Approaching affiliated angels is simply a matter of calling to make an appointment. To look for nonaffiliated angels, try these proven methods:

Advertising. The business opportunity section of your local newspaper or The Wall Street Journal is an excellent place to advertise for investors. Classified advertising is inexpensive, simple, quick and effective.

Business brokers. Business brokers know hundreds of people with money who are interested in buying businesses. Even though you don't want to sell your business, you might be willing to sell part of it. Since many brokers aren't open to the idea of their clients buying just part of a business, you might have to use some persuasion to get the broker to give you contact names. You'll find a list of local business brokers in the Yellow Pages under "Business Brokers."

Telemarketing. This approach has been called "dialing for dollars." First you get a list of wealthy individuals in your area. Then you begin calling them. Obviously, you have to be highly motivated to try this approach, and a good list is your most important tool. Look up mailing-list brokers in the Yellow Pages. If you don't feel comfortable making cold calls yourself, you can always hire someone to do it for you.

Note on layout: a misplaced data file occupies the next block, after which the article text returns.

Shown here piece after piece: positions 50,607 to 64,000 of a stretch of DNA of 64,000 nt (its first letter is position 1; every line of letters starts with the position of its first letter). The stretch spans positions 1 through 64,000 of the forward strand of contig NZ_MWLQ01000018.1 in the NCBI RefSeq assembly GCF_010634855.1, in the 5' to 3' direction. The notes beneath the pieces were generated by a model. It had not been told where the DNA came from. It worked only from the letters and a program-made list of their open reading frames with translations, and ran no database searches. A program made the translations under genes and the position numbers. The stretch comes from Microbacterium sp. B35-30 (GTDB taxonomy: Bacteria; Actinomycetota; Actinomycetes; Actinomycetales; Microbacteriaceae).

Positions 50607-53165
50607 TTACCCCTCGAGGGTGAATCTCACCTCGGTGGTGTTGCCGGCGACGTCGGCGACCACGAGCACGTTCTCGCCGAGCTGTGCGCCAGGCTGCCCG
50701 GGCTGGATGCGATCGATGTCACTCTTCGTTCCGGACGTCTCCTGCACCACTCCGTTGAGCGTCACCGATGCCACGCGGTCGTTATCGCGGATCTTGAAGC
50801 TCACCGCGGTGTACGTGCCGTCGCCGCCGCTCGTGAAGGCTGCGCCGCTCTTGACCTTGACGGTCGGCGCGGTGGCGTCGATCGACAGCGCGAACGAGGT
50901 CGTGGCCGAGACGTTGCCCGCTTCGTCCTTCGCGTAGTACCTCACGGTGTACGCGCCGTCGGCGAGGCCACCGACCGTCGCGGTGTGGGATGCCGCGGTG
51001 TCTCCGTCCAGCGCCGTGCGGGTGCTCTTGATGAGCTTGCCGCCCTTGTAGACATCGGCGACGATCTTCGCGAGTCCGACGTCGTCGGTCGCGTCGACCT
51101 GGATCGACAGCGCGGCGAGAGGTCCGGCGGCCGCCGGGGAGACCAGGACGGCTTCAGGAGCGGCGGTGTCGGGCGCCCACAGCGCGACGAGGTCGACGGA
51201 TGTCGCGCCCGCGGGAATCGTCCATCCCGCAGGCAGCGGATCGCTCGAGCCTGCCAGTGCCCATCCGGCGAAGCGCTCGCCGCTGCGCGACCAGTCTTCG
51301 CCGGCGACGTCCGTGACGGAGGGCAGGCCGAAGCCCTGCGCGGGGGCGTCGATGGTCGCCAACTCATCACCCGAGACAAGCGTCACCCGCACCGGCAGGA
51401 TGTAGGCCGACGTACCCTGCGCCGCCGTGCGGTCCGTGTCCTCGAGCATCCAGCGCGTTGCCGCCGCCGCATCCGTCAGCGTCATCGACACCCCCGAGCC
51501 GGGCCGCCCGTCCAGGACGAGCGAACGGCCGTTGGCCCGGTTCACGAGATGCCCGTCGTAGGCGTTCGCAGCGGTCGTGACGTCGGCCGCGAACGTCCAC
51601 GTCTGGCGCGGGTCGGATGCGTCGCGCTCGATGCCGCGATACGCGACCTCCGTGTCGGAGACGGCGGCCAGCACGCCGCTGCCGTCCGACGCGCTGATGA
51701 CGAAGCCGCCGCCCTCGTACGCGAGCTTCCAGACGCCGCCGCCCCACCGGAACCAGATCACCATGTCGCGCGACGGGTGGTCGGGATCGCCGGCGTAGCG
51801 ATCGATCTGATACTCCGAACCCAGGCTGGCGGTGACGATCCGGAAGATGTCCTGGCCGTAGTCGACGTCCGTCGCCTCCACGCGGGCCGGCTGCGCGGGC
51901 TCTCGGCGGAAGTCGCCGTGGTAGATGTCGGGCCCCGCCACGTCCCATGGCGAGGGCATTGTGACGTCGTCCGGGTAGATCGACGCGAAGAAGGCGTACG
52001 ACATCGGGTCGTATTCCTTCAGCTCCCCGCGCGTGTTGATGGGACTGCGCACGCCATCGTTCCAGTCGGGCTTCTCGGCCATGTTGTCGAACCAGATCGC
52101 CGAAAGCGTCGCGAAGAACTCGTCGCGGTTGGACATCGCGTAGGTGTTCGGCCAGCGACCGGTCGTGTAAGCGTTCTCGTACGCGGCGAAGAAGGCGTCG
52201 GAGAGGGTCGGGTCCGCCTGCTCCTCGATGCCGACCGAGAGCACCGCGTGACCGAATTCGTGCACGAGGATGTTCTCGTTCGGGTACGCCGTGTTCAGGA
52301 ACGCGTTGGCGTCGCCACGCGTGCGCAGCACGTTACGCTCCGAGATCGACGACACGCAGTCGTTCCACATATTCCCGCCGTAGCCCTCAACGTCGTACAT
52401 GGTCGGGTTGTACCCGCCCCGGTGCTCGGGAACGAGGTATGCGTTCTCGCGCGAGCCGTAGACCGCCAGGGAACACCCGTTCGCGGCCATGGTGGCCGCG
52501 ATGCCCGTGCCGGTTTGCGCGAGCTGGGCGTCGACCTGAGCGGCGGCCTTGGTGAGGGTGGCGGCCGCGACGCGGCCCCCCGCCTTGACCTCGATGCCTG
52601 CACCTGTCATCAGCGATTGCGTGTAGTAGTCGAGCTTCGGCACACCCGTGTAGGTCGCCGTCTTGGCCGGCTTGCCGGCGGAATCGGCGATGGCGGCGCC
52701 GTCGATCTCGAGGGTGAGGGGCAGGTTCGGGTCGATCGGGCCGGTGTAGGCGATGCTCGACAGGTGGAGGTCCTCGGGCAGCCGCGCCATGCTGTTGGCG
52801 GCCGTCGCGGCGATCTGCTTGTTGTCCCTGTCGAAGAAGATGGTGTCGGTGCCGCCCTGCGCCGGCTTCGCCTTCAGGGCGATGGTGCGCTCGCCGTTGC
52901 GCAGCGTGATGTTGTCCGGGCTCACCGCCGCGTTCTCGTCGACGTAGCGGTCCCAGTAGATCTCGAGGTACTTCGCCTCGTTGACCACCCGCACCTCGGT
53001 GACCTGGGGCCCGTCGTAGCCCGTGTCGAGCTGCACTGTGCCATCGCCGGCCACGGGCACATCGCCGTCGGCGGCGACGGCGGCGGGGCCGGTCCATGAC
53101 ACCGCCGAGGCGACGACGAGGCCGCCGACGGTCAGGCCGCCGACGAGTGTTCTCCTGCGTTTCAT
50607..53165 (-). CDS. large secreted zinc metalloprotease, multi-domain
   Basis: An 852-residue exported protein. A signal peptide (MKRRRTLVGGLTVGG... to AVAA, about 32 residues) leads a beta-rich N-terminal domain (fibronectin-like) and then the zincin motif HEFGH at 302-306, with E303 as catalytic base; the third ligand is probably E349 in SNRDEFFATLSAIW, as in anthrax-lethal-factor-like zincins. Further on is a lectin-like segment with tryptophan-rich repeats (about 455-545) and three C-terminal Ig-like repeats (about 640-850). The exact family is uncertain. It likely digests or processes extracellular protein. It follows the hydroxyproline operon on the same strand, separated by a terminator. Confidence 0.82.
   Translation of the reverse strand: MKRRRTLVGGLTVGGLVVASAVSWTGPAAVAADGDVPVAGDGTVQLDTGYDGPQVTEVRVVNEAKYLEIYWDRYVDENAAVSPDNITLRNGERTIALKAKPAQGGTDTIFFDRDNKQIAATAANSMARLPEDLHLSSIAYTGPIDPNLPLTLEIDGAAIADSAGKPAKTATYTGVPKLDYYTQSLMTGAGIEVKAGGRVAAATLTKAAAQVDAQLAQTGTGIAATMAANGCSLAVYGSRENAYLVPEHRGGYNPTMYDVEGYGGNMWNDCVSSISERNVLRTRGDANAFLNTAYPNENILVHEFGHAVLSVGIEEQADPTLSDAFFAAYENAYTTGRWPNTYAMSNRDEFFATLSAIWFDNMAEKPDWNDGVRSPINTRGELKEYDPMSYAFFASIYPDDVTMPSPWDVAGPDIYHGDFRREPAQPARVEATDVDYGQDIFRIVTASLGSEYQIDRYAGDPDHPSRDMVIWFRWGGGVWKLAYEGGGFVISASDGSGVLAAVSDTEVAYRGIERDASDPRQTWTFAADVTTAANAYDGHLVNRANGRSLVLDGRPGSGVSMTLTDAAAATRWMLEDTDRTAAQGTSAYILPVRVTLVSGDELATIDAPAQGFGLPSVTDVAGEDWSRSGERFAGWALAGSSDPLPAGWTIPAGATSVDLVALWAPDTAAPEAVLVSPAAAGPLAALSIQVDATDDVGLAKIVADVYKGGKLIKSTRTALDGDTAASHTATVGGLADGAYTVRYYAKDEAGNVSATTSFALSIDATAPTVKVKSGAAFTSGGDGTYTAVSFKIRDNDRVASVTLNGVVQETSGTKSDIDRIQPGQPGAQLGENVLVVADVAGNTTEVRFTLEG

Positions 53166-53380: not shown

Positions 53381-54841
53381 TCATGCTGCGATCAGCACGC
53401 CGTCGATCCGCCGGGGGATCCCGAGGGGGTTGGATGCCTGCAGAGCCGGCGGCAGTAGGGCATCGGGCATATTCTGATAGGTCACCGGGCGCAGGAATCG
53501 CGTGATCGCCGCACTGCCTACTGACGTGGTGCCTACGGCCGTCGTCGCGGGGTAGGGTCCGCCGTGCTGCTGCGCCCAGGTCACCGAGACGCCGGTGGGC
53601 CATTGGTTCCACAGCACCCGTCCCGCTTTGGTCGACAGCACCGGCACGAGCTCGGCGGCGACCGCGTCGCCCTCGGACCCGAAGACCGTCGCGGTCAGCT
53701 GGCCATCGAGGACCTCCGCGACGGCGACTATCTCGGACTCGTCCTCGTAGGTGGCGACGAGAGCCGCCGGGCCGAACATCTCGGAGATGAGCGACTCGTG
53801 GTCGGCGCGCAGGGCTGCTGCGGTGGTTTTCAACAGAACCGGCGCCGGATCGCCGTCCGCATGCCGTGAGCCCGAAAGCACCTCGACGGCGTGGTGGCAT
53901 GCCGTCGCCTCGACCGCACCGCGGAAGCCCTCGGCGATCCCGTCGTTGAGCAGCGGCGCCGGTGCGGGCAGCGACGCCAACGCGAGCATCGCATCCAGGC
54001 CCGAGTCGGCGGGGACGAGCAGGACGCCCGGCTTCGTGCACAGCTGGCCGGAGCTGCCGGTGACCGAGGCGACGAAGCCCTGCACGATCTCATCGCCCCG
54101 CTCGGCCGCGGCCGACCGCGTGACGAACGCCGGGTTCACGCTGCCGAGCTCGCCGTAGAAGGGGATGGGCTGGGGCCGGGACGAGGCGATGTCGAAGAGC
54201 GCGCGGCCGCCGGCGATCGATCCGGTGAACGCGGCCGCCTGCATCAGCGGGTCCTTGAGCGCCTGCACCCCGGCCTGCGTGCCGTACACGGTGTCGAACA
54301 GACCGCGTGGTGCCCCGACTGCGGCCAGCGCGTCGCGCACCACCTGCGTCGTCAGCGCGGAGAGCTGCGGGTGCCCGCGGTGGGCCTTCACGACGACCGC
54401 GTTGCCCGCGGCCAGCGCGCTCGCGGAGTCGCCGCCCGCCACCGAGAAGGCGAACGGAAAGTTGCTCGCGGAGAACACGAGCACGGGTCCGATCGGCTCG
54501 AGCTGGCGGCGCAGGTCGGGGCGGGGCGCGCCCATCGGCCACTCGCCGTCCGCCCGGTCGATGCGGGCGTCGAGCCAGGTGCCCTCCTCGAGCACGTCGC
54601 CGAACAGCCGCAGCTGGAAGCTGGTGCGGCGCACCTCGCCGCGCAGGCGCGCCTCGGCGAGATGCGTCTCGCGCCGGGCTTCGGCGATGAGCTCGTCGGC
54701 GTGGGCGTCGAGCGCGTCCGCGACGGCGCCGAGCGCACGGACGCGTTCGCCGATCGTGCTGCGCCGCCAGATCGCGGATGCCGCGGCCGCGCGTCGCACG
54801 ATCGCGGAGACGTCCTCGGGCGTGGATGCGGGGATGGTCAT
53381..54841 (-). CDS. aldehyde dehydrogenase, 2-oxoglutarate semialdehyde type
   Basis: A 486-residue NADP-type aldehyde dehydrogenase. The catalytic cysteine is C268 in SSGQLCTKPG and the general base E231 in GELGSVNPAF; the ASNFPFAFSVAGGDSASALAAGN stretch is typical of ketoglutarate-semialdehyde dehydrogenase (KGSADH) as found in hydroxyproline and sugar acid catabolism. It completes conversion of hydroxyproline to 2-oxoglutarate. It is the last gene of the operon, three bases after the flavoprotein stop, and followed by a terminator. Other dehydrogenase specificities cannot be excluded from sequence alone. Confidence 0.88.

Networking. Attending local venture capital group meetings and other business associations to make contacts is a time-consuming approach but can be effective. Most newspapers contain an events calendar that lists when and where these types of meetings take place.

Intermediaries. These are firms that find angels for entrepreneurial companies. They're usually called "boutique investment bankers." This means they are small firms that focus primarily on small financing deals. These firms typically charge a percentage of the amount of money they raise for you. Ask your lawyer or accountant for the name of a reputable firm in your area.

Angels tend to find most of their investment opportunities through friends and business associates, so whatever method you use to search for angels, it's also important to spread the word. Tell your professional advisors and people you meet at networking events, or anyone who could be a good source of referrals, that you're looking for investment capital. You never know what kind of people they know.

Ads by Google

0 Comments. Post Yours.

Ads by Google

Most Shared Stories